We do know that Joseph and Mary would have had to take everything that they needed for the journey as there were no hotels, at least as we know them, on the route they would take. Perhaps they found the home of a compassionate family who offered them a place to lay their head for the evening. Jewish customs of the day demanded hospitality; it was considered a person’s most sacred duty. There would be no such thing as turning away a brother or sister of the covenant, especially to one in such condition as Mary. We would expect that Mary and Joseph accepted the hospitality of many such homes during their journey, even though we are not told that they spent the night in any home.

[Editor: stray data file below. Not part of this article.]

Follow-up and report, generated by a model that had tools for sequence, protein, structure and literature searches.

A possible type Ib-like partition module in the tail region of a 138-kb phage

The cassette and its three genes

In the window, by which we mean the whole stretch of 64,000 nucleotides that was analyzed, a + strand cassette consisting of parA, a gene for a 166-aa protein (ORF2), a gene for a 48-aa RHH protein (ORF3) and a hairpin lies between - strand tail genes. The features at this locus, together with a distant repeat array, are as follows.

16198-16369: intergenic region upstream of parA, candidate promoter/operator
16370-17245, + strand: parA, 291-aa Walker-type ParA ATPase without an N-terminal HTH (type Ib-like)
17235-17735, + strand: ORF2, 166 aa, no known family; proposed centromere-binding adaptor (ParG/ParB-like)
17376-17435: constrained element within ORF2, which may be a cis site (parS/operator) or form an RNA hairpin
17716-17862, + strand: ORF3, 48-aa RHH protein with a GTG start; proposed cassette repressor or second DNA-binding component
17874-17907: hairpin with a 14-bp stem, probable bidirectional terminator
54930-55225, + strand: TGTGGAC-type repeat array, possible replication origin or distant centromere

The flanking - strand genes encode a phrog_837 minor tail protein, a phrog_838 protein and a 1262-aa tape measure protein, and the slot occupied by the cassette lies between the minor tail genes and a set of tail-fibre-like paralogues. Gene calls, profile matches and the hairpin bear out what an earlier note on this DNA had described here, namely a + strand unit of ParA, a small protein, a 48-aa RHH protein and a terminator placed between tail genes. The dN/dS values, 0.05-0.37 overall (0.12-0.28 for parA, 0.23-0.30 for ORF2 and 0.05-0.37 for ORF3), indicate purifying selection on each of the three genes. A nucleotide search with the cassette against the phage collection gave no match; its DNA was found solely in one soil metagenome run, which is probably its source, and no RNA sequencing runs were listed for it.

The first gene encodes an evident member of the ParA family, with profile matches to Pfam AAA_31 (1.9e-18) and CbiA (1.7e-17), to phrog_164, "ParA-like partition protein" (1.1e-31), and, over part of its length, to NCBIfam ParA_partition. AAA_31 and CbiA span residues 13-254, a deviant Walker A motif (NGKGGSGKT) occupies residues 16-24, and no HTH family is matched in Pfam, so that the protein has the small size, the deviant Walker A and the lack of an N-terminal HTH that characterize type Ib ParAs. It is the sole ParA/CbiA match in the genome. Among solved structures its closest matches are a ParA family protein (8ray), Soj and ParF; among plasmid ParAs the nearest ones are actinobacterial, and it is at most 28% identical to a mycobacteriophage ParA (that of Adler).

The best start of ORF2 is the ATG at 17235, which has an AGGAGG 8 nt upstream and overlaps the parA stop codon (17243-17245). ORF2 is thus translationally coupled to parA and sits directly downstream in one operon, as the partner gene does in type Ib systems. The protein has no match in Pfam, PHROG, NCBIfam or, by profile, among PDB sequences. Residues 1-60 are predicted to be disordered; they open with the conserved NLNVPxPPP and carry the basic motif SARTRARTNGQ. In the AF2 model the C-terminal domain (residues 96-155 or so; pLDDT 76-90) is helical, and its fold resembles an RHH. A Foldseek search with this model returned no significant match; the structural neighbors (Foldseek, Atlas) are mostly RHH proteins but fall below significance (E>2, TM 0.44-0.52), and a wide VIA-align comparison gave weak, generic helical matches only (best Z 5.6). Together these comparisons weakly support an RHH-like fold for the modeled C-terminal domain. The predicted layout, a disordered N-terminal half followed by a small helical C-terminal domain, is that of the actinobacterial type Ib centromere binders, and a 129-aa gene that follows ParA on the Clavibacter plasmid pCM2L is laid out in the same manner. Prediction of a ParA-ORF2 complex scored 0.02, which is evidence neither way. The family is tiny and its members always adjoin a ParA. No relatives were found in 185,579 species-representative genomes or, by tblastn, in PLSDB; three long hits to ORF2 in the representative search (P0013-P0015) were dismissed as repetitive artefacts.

What we are told is that while they were there the time came for her to give birth, and she wrapped her firstborn Son in swaddling clothes and laid Him in a manger. The hills around Bethlehem are full of natural caves, and stabling animals has been their common use for centuries. It is commonly believed that Joseph and Mary were in one of those caves when Jesus was born. If the weather was good most of the animals would probably be outside on the green hillsides, eating the grass that was abundant during that time of the year because it is the rainy season.